The “New Theists”: Re-Defining Everything!

I never use the A word,
Though I don’t believe in God;
Which leads to conversations
Which can get a little odd:

The God I do believe in
Is Reality, of course,
And not some bearded superman
Or disembodied force

It’s not the Christian deity—
We don’t believe; we know
There is no faith; there’s evidence,
Where God’s (non) face will show.

Believers think we’re crazy
Non-believers think we’re nuts
We worship only factual truth—
No ifs, no ands, no buts.

We’ve re-defined “religion”—
We say the word’s evolved;
The problems that religion brings?
We call those problems “solved”.

The pathway to the future!
Religion two point oh!
Why not admit we’re atheists?
…I frankly do not know.

Ok, I really don’t get it. This guy should be on my good list. Why is the “New Theism” so annoying?

I suspect that part of it is, as a verse-monger I try to choose my words carefully. Words mean more than just their definitions; words have baggage, and change comes achingly slowly. “Religion” has a definition that has evolved, certainly, but which retains the structures of its ancestors (its “inner fish”, if you will); Michael Dowd, apparently, wants to perform a bit of engineering such that the only thing remaining of the original “religion” is the vocabulary, each word suffering a sea-change into something rich and strange.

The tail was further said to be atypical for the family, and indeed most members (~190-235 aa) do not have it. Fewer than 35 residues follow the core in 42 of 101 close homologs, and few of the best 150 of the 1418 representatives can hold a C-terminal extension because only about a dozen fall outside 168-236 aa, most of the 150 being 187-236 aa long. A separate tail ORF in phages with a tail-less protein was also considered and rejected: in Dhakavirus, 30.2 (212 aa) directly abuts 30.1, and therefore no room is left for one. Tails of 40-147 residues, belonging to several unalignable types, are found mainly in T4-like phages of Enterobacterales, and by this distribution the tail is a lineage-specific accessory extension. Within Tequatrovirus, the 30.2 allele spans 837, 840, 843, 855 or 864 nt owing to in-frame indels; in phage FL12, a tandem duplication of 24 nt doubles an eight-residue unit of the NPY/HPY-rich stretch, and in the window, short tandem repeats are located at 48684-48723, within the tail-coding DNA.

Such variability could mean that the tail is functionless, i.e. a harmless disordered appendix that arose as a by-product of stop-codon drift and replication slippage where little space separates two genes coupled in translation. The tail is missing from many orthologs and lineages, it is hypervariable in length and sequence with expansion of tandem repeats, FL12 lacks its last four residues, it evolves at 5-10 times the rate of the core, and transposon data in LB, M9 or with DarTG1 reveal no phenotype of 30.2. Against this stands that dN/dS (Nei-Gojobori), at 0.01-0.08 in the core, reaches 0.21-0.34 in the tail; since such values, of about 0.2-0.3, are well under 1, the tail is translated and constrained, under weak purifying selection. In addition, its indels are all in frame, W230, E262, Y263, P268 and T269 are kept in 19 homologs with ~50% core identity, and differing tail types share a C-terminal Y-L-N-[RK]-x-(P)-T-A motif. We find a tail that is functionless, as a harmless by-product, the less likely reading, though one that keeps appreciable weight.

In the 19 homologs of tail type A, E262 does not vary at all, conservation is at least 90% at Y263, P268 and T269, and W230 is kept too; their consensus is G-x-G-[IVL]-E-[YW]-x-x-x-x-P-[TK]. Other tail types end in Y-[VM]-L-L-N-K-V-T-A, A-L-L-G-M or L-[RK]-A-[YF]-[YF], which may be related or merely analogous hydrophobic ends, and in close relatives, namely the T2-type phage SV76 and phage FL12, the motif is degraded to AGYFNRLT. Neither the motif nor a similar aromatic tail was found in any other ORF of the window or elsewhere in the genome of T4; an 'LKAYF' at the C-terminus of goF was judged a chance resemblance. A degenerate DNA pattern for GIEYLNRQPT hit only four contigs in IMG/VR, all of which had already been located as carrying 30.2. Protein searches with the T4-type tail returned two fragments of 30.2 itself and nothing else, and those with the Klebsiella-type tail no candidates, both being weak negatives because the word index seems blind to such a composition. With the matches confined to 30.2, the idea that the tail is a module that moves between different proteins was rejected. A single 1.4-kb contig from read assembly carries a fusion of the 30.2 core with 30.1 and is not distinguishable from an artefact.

New Theists are not believers; we’re evidentialists. We value scientific, historic and cross-cultural evidence over ancient texts, religious dogma or ecclesiastical authority. We also value how an evidential worldview enriches and deepens our communion with God-Reality-Life-Universe-Mystery-Wholeness.

New Theists are not supernaturalists; we’re naturalists. We are inspired and motivated far more by this world and this life than by promises of a future otherworld or afterlife. This does not, however, mean that we diss uplifting or transcendent experiences, or disvalue mystery. We don’t. But neither do we see the mystical as divorced from the natural.

Some might call them… atheists. But they, it seems, would not.

New Theists are legion; we are diverse. Many of us continue to call ourselves Christian, Jew, Muslim, Hindu or Unitarian. We may also self-identify as emergentist, evidentialist, freethinker, neo-humanist, pantheist, panentheist or some other label.